North Shore Chamber Music Festival opens with lyrical Dvořák and effervescent Mendelssohn

Thu Jun 07, 2012 at 1:30 pm

By Lawrence A. Johnson

The Pacifica Quartet performed music of Dvořák and Mendelssohn Wednesday night at the North Shore Chamber Music Festival in Northbrook.

The North Shore Chamber Music Festival opened its second season Wednesday night at the Village Presbyterian Church in Northbrook. And for those in attendance—and those who listened to the live broadcast on WFMT—the superb performances certainly got the weeklong festival off to a rousing start.

Once again, violinist Vadim Gluzman, festival artistic director, and pianist Angela Yoffe, executive director, have fielded a stellar lineup of colleagues to come together for a bracing array of repertoire, freely mixing chamber chestnuts with contemporary rarities in three programs.

There were some surprises along the way. Those expecting the scheduled Bartok Violin Rhapsody No. 1 and Beethoven Quartet in A minor, Op. 132, instead got Dvořák’s American Quartet and another work by Beethoven, but given the level of advocacy Wednesday night, few seemed to mind.

Gluzman and Yoffe led off with Beethoven’s Violin Sonata No. 1 in D major, Op. 12, no. 1. In this early work, one gets the sense of the mercurial young Beethoven bursting with more ideas than he can profitably use. The married collaborators displayed their close artistic bond, with Gluzman’s sinewy tone and bold projection matched by Yoffe’s sparkling keyboard work, the couple consistently bringing out the rhapsodic inspiration of the opening Allegro. The central variations were fully characterized, by turns dramatic and yearning, and the fiery account of the rollicking finale offered an admirable balance between Beethoven’s restless drive and lyric fantasy.

Initial disappointment that Dvořák’s much-played Quartet in F major was replacing the advertised Beethoven quartet was soon dispelled. To make this thrice-familiar chamber warhorse sound newly minted is no small feat, yet with the Pacifica Quartet playing at their considerable finest, not a single bar sounded routine.

The mix of dynamic vigor and reflective lyricism was evident from the opening bars in the players’ fresh, light-toned approach, as with first violinist Simin Ganatra’s airy, feather-light floating of the second theme. Ganatra’s phrasing and silky vibrato in the Lento was replicated exactly by cellist Brandon Vamos (the playing of second violinist Sibbi Bernhardsson and violist Masumi Per Rostad at the same high level throughout). The Pacifica’s refined tone and wide dynamic range underlined the movement’s sweet nostalgic ache, as in Vamos’s elegiac solo near the coda, an end pin mishap apart.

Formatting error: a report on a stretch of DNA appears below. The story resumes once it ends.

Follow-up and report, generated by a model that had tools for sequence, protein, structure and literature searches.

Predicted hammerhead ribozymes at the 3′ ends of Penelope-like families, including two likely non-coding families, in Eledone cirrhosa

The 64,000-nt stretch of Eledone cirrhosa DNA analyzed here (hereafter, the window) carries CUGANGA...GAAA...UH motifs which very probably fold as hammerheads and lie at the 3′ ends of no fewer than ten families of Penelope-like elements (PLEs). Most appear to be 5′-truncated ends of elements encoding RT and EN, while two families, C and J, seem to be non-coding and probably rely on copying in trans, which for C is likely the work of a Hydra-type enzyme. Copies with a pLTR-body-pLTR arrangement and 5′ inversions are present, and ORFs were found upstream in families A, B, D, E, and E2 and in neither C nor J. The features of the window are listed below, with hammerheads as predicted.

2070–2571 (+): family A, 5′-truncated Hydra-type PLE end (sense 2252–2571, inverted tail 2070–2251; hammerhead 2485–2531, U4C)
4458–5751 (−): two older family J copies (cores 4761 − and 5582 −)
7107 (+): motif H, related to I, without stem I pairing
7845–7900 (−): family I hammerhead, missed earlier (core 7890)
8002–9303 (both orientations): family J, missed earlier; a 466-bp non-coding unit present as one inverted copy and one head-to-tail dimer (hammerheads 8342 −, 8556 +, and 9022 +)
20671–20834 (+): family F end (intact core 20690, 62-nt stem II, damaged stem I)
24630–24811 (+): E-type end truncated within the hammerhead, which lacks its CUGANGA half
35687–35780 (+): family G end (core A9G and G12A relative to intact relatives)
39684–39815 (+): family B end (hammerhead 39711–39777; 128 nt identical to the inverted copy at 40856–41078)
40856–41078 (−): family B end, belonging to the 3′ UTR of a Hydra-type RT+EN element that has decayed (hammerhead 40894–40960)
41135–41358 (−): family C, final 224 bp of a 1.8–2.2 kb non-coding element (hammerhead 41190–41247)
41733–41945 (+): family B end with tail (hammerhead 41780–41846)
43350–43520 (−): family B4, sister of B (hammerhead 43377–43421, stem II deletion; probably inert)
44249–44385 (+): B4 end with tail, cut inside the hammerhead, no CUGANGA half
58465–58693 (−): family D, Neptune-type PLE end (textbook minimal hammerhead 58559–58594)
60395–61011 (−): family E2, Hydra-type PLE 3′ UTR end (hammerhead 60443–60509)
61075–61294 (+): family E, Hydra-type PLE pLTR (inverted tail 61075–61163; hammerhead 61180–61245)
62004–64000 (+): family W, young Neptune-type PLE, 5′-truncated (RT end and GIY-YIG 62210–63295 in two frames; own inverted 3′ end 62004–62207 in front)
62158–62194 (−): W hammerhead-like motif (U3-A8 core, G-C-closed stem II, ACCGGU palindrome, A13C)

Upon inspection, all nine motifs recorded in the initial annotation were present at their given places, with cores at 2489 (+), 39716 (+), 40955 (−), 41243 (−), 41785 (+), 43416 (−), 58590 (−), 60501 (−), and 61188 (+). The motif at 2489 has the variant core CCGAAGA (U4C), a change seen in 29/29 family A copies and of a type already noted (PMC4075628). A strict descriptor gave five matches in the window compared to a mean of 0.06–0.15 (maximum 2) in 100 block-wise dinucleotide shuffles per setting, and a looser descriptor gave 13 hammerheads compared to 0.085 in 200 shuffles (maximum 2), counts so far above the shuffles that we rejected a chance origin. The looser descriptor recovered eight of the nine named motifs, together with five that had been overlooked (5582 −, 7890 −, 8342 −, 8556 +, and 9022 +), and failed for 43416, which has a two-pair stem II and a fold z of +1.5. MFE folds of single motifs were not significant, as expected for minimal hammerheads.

The vigorous Scherzo firmly brought out the Czech rhythms and the Pacifica’s fleet and energetic finale capped a performance that made one appreciate the craft and thematic richness of Dvorak’s quartet anew.

One of the festival’s finest features is its breezy mix of popular repertoire with offbeat contemporary works. Wednesday’s musical oddity was Alan Ridout’s Ferdinand the Bull, based on Munro Leaf’s 1936 children’s tale about a young bull who would rather smell flowers than fight in the bullring.

Ridout’s concise setting for violin and speaker was presented here by a triumvirate with Gluzman joined by duo narrators, Henry Fogel and Kirsten Moomey Merilo doing sign language. Gluzman attacked the violin pyrotechnics with all the iron-fingered intensity required of the Tchaikovsky concerto. Merilo’s flamboyantly dramatic signing certainly lent a theatrical element to this slight piece—probably a work better suited for young people’s concerts—while Fogel’s unfussy, straightforward narration captured the essential sweetness of the tale best.

Mendelssohn’s Octet closed the evening with Gluzman and the Pacifica members joined by violinist Olga Kaler, violist Milena Pajaro-van de Stadt and Mark Kosower, principal cellist of the Cleveland Orchestra. With its string-writing ingenuity, melodic richness, and astonishing maturity, the Octet, composed at age 16, is an even more remarkable achievement than Mendelssohn’s contemporaneous Midsummer Night’s Dream Overture and first two string quartets.

With Gluzman in the first chair, the opening Allegro had an even more concertante feel than usual with the violinist’s gleaming tone and bravura playing tending to dominate the textures. The full ensemble came into its own in the Andante with much lovely playing in this lilting lullaby-like movement. In the Scherzo, the players put across the elfin charm of the skittering string lines, and the effervescent finale was thrown off with fizzing virtuosity by all without sacrificing an essential Mendelssohnian playful charm.

Gluzman introduced the Ridout by saying that Ferdinand the Bull “does not need an introduction.” Maybe not for some parents and children in the audience, but the rest of us would have liked to know bit more about the work and the composer. More broadly, while the brief informal spoken introductions are nice, they’re no substitute for program notes with specific information about the music, especially with repertorial byways of Schnittke, Golijov and Ridout on the menu this year.

The festival continues 7:30 p.m. Friday with Schubert’s The Shepherd on the Rock, Shostakovich’s String Quartet No. 8, Schnittke’s Moz-Art and Brahms’ Piano Trio No. 1 in B minor.; 847-370-3984.

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